In the last decades of the 19th century and first decade or so of the 20th bearded ladies were a staple of circus sideshows and freak shows. Sensibilities were different then, and people with real (or fake) unusual body conditions were often exhibited as curiosities. The people included in the shows included giants, ‘Siamese’ twins, and bearded ladies.
Women with beards fascinated the era. Beards were associated with masculinity, and bearded ladies implied masculinity mixed with the feminine. Some of the bearded ladies, like other participants in the freak shows, were fake. But most seem to have had real beards, which were perhaps the result of hormonal imbalance, or more likely a rare but inheritable condition called hypertrichosis. There are several types, and it is difficult to diagnose which that a particular bearded lady might have had.
This condition is very rare but runs in families. It is sometimes called “werewolf syndrome.” It affects both men and women. The idea of an exhibition of so-called freaks disgusts most people today, but in the context of the time, such shows provided income, as well as acceptance in the circus community.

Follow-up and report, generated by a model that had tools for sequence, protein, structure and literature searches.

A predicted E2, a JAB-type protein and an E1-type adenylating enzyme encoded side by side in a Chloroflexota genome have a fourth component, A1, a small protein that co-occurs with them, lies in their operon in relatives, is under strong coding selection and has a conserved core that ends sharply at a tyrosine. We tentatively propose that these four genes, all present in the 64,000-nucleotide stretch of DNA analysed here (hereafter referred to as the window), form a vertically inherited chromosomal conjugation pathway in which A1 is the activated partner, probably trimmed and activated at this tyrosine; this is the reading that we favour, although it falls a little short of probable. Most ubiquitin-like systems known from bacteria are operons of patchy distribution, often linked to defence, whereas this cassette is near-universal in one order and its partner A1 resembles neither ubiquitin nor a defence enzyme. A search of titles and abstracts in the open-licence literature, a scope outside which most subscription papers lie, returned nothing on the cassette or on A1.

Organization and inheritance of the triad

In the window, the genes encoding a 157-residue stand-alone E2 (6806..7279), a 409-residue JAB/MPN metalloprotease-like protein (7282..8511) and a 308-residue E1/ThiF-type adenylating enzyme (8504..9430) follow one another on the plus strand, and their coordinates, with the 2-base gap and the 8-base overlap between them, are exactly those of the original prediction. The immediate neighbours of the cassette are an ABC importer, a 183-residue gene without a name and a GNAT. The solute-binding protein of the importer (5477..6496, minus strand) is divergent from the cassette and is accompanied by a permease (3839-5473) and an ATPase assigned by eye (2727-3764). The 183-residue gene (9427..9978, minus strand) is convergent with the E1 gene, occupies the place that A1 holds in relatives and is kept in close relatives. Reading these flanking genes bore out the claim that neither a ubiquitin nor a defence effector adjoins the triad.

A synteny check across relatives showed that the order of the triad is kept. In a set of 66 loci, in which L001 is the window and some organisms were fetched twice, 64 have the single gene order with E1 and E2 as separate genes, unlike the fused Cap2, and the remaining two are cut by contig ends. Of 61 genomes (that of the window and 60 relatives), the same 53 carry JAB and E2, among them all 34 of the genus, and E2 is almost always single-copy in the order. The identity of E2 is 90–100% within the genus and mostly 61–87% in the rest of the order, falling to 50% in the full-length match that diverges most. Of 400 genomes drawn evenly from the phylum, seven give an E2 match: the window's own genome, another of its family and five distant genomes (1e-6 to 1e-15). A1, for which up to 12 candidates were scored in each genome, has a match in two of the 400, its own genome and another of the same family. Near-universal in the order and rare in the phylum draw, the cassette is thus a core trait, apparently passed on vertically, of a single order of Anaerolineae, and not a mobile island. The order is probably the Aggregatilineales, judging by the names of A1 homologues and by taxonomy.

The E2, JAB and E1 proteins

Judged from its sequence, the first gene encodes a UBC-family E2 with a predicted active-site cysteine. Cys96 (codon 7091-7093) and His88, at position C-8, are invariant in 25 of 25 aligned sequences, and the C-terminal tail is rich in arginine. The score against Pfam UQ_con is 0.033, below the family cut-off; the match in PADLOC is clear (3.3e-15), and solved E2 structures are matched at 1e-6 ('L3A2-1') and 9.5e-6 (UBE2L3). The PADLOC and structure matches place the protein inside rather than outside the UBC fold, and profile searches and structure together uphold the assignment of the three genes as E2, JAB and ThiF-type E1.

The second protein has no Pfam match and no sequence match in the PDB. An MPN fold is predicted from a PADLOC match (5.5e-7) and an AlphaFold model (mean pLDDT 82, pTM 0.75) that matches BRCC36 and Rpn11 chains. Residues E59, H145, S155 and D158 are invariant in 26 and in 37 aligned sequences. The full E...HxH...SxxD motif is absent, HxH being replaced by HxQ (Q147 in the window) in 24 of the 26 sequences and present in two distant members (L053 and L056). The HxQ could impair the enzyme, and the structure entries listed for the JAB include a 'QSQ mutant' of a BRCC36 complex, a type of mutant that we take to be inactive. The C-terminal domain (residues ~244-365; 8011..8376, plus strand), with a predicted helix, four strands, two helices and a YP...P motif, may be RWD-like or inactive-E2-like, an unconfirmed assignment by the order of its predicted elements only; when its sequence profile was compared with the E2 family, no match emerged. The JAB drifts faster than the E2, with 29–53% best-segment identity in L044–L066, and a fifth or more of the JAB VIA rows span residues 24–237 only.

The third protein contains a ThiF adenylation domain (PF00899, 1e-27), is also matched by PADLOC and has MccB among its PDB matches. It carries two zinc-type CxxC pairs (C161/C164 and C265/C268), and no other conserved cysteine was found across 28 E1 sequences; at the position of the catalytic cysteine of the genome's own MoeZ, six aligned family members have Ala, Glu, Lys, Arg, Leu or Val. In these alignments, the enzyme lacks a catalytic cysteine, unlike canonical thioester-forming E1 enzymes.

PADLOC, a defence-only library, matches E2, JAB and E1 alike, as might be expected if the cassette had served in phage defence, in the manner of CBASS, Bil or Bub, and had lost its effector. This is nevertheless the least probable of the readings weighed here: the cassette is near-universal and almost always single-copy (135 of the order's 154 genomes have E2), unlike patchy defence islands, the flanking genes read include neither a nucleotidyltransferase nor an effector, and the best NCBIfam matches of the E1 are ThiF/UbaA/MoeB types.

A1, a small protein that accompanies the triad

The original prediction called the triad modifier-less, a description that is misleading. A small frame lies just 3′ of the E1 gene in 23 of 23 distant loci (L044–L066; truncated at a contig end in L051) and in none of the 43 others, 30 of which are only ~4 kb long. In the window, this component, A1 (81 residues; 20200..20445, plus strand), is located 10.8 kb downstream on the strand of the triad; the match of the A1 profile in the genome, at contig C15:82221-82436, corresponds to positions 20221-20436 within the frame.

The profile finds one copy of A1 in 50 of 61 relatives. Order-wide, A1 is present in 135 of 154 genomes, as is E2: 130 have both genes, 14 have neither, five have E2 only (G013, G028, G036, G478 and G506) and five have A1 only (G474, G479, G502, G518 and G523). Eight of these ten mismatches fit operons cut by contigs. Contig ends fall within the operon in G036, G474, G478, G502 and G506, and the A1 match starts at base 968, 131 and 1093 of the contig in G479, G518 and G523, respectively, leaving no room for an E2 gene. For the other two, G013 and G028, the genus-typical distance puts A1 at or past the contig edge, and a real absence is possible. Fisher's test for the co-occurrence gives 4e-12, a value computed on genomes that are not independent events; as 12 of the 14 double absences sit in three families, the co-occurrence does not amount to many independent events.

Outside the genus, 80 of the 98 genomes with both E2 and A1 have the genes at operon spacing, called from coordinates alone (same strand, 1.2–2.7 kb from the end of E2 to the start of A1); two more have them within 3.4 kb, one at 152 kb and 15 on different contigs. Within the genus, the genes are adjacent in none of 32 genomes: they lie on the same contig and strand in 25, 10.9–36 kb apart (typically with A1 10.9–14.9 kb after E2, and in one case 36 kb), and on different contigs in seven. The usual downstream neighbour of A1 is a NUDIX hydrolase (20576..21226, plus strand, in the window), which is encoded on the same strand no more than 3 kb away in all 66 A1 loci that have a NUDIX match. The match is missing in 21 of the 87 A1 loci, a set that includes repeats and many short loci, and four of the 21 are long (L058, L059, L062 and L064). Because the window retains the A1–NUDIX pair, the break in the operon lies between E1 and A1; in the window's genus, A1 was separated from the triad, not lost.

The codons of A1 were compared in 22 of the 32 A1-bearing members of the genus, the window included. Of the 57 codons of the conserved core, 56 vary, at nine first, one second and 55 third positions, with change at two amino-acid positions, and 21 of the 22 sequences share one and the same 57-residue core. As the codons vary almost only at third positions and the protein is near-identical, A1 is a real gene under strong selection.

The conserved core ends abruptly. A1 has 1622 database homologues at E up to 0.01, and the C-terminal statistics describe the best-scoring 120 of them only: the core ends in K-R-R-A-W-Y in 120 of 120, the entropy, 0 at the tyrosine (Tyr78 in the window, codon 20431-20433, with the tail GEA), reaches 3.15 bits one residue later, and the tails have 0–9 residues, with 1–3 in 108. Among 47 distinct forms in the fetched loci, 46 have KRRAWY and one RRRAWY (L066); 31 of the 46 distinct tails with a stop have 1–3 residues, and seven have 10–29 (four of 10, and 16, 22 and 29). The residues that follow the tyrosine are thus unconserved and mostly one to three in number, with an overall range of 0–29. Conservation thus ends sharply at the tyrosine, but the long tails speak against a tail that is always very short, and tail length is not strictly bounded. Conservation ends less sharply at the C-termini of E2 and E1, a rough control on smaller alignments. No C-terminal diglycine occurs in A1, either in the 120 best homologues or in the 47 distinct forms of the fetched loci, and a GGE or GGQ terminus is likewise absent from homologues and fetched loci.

At the time, there would have been little economic opportunity and less acceptance outside the sideshows. Some performers did quite well for themselves, such as the bearded lady in P.T. Barnum’s circus, Josephine Clofullia (1827-1885) from Switzerland).
Circus sideshows faded away a century ago. There is still no cure for the condition, although there are treatments to remove the hair.
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